Was Jesus a Historical Figure?

I was reading yesterday’s post at The Failed Atheist. I listened to the video on it, and I simply must repost it here.

This is a liberal, non-Christian, pro-gnostic scholar—Bart Ehrman—who really irritates me. In this case, however, I think “The Infidel Guy” was shocked to find out that his anti-fundamentalist-Christian guest thinks that only the ignorant deny the historicity of Jesus.

I’ve got more comments below, but here’s the video (which is really only audio):

The main point of the video is obvious. Bart Ehrman gives some examples of why we can be confident that Jesus was a historical figure. The Infidel Guy’s only response is basically, “Can’t we just doubt everything we don’t like?”


There’s a couple more things I should mention that are mentioned in the interview.

“Jesus Christ” doesn’t mean something put together like that, if by “mean” we are implying that there’s some Hebrew definition for Jesus Christ. Jesus is a name. Yes, it has a meaning, but it’s a name. Christ is a title. It’s the Greek word for “anointed one,” but in the context of the New Testament, it basically means king. It means God’s chosen king for his chosen people, but it mostly means king.

In this interview, Bart Ehrman is being a good historian in the matter of whether Jesus existed. The fact is that Paul’s letters, the existence of Christians in Rome under Nero in the AD 60’s, the utter consistency of early Christian letters and drawings, and numerous other things that constitute the “whole tenor” of history make it clear that one ought to trust who the Christians said Jesus was, at least in the matter of being a crucified Jewish prophet.

But on other things, he shows the stubbornness of so many people. He tells Infidel Guy that no serious historian questions the existence of a person Jesus. The Infidel Guy gives him Robert M. Price. It takes Ehrman a significant amount of time to admit he knows of him, and in fact has had correspondence with him. The Infidel Guy points out that Robert Price is a serious historian, Ehrman questions him. The Infidel Guy says he’s a professor; Ehrman insists he doesn’t teach anywhere.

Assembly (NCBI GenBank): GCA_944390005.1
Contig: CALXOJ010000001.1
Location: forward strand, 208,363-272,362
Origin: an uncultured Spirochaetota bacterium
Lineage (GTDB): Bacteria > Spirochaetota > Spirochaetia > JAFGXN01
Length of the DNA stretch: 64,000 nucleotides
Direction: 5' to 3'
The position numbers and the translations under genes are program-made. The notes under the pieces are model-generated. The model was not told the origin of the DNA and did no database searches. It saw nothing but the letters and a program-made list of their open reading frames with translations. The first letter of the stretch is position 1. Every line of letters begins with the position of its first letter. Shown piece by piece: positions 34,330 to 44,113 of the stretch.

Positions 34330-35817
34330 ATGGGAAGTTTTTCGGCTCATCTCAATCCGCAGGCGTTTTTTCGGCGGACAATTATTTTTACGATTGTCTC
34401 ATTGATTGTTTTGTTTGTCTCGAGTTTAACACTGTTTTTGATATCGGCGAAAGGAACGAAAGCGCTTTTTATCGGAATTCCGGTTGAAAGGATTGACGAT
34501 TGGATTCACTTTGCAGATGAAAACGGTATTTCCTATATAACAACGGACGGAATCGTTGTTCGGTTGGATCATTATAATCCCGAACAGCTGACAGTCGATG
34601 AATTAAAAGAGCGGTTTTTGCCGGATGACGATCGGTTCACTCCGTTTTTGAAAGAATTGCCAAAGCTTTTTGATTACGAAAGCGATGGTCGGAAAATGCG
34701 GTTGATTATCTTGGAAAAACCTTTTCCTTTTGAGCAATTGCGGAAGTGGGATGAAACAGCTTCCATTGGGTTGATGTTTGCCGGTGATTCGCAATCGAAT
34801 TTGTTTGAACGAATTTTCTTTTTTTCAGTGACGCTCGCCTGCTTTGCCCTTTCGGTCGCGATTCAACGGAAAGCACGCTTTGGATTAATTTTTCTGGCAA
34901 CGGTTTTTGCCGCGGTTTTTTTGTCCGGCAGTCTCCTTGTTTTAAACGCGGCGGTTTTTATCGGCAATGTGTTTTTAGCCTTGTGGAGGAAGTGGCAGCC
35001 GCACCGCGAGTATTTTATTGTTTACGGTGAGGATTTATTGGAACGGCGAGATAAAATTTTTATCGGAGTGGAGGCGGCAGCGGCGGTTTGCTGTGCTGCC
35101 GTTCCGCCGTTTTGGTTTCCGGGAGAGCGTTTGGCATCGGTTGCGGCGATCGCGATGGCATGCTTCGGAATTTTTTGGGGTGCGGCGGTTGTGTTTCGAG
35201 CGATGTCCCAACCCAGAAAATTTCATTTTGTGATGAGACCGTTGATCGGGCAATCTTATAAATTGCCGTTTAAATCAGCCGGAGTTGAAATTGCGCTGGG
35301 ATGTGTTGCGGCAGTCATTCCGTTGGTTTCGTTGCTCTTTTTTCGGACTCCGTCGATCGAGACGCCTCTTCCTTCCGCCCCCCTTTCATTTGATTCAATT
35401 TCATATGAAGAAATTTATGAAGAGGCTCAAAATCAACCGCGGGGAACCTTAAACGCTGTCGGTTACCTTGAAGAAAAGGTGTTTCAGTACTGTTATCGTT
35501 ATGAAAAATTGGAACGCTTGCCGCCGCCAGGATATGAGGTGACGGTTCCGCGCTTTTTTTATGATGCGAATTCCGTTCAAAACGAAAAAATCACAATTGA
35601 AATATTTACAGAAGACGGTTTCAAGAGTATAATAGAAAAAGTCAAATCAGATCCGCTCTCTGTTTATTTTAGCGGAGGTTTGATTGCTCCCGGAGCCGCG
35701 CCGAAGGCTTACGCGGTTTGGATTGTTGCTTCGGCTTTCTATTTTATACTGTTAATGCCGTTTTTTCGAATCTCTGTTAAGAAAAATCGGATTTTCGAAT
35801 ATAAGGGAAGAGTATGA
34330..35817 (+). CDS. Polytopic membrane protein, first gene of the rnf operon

Price is the professor of theological and scriptural studies at Colemon Theological Seminary. It appears to me that institution is probably not accredited, but he is teaching. Price used to be at another similar institution which offered undergraduate courses that were accredited, so he has taught.

The fact is, Ehrman went too far when he said no serious scholar questions the historicity of the person Jesus. People are people, and even “experts” are moved by their biases. You can find legitimately qualified experts denying the obvious in any field of inquiry.

For me, though, it’s like what Jesus said about faithfulness. He who is honest in little things will be honest in big things. If you can’t be honest with the little things, you’re going to miss the evidences that will prevent you from building a house of cards in whatever areas you are studying.

About Paul Pavao

I am married, the father of six, and currently the grandfather of two. I run a business, live in a Christian community, teach, and I am learning to disciple others better than I have ever been able to before. I believe God has gifted me to restore proper foundations to the Christian faith. In order to ensure that I do not become a heretic, I read the early church fathers from the second and third centuries. They were around when all the churches founded by the apostles were in unity. I also try to stay honest and open. I argue and discuss these foundational doctrines with others to make sure my teaching really lines up with Scripture. I am encouraged by the fact that the several missionaries and pastors that I know well and admire as holy men love the things I teach. I hope you will be encouraged too. I am indeed tearing up old foundations created by tradition in order to re-establish the foundations found in Scripture and lived on by the churches during their 300 years of unity.
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1 Response to Was Jesus a Historical Figure?

  1. Monster says:

    I like how he goes from never having heard of him to knowing for a fact he doesn’t teach anywhere. Both of those guys ended up looking like fools by the end of that.

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